The World Motor Sports Council has sentenced the Ferrari racing team and drivers Michael Schumacher and Rubens Barrichello to pay a $ 1 million fine for controversial events at the Austrian Grand Prix on May 12.
Fined $1 million, but that's spare change to him.
In a highly anticipated hearing in Paris on Wednesday, the World Motor Sports Council (FIA) imposed a $1 million (1.009 million euro) fine on the Ferrari Formula One racing team and its drivers Michael Schumacher and Rubens Barrichello.
The infraction took place at the Austrian Grand Prix in Spielberg on May 12, when on team orders Barrichello had let World Championship leader Schumacher overtake him just before the finish, even though the fine was imposed for other reasons.
Conduct on Pedestal Was the Reason
Although racing fans around the world voiced protests against the team’s tactical order that told Barrichello to let teammate Schumacher win, the fine was not for events on the racetrack.
While the World Motor Sports Council said it "deplored the manner in which team orders were given and executed," officials said they could hardly sanction the drivers who were "contractually bound to execute orders given by the team."
Instead, the verdict was a reaction to the two drivers' conduct on the podium during the awards ceremony, when an embarrassed Schumacher exchanged his top place on the podium with Barrichello and then handed the second-place finisher the winner’s trophy.
"It is the duty of each team to ensure that its contracted drivers observe the podium procedures," a FIA statement said.
Not the First-Time
Throughout his career, four-time Formula One World Champion Schumacher has had to appear several times before the FIA’s "Green Table," its disciplinary body.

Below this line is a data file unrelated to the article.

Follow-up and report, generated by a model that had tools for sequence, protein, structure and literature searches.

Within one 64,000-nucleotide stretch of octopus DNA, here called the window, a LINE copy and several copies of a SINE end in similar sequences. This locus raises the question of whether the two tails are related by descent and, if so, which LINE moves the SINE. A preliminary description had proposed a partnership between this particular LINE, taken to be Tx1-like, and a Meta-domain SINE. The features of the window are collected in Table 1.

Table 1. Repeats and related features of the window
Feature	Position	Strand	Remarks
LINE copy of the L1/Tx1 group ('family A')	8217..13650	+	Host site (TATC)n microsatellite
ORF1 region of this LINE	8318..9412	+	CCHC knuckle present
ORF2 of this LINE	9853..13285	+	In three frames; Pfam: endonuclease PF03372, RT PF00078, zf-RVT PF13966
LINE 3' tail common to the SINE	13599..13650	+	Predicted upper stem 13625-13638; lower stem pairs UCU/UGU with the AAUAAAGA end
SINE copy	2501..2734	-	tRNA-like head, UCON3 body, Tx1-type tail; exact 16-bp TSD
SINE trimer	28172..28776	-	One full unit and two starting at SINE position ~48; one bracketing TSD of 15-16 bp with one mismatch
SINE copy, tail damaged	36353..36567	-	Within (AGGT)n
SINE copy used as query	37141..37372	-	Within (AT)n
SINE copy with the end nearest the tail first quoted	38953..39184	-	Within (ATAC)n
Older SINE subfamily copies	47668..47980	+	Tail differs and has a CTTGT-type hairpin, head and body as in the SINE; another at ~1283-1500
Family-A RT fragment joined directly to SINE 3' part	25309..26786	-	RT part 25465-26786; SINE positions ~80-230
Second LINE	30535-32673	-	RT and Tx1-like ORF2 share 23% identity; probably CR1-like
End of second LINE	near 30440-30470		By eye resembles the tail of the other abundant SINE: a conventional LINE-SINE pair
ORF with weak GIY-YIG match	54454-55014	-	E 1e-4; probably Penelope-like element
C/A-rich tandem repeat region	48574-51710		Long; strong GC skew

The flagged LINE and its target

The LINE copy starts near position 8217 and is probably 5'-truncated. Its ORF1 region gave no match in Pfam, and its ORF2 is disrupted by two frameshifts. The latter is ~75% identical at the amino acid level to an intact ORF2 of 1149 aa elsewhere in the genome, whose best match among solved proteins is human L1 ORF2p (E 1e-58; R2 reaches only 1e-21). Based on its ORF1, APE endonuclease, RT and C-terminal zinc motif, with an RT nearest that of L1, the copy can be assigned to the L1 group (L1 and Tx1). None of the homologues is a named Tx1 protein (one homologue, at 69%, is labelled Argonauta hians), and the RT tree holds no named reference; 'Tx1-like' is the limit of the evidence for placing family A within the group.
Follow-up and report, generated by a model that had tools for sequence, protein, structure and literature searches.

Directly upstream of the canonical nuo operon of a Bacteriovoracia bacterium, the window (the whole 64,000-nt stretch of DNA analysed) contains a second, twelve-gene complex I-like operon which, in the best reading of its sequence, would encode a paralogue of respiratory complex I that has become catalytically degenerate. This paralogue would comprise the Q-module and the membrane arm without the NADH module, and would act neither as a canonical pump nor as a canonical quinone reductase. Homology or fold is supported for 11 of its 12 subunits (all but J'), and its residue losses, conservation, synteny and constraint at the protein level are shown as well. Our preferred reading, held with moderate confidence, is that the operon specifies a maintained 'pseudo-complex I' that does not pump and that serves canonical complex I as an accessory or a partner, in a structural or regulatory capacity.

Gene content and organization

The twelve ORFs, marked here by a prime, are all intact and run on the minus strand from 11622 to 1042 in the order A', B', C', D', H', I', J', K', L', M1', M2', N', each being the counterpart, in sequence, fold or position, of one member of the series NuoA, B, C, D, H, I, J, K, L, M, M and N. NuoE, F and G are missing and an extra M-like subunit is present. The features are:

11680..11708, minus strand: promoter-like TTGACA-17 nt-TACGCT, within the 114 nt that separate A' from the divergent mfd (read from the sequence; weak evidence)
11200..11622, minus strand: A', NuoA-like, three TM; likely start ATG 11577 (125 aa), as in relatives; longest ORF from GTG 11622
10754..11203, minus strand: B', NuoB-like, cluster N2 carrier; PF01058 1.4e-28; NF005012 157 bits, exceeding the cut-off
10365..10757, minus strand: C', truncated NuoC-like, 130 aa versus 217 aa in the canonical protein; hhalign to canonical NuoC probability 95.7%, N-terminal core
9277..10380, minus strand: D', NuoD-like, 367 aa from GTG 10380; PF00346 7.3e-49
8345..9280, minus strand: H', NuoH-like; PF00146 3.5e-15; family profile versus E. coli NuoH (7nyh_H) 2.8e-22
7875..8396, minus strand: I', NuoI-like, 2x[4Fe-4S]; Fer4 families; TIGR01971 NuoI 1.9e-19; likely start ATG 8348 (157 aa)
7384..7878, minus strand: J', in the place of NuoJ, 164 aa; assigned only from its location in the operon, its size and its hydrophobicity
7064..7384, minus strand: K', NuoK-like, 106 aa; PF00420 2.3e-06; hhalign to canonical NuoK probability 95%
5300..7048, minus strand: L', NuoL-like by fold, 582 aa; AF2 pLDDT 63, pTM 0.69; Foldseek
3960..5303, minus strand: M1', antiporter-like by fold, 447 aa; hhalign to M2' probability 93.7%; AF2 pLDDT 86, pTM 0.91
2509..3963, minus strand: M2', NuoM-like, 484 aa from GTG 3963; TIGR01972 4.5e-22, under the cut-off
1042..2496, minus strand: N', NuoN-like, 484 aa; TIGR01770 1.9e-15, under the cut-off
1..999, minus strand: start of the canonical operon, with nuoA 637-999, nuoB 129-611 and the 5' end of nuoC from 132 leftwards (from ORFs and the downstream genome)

Schumacher beim Probetraining beim Großen Preis von Austalien
In 1994 at Silverstone, Schumacher, at the time part of the Benetton team, ignored a five-second-penalty and several black flags, for which the FIA substraced six championship points and suspended the German for two races.
Three years later the Ferrari-driver was ejected from the championship circuit altogether for ramming his rival Jacques Villeneuve.
In 1999, Schumacher and teammate Eddie Irvine were disqualified from the Malaysia Grand Prix after inspectors found both their cars violated the Motor Council’s technical regulations. The wind deflectors on both vehicles were found to be too big.
Ferrari’s racing team is due to pay half of the fine amount immediately, while the other half is suspended for one year. That means if there is a repeated violation of FIA rules within the next twelve months, the team will be liable to pay the other half of the penalty.
According to the FIA’s decision, Schumacher remains the legitimate winner of the race. The federation did not substract any championship points from either him or Barrichello.
With his current 46-point lead, Schumacher still remains well on his way to winning the driver’s title this year.
Schumacher Opens Perfect World
This last Tuesday, Schumacher appeared unflapped by the upcoming decision when he opened a museum entitled "World of the Schumachers" at a go-cart track run by his father in his hometown Kerpen.
Germany's Ralf Schumacher, right, gives thumbs-up after coming in second behind his brother Michael Schumacher, left, at the qualifying for the Grand Prix of Europe at the Nuerburgring, Saturday, June 23, 2001. Michael Schumacher will start from the pole position on Sunday, June 24, 2001. (AP Photo/Frank Augstein)
The permanent exhibition, which will open its doors to the public on July 1, will showcase items from the careers of Michael Schumacher and his racing brother, Ralf (photo). Among the exhibits documenting the duo’s childhood and road to success is Michael’s first car, a Fiat 500.
Rumors that the 33-year-old would unveil a statue in his image during the opening turned out to be false. Nevertheless, the exhibition is expected to become a "Graceland" of sorts for motor sport enthusiasts.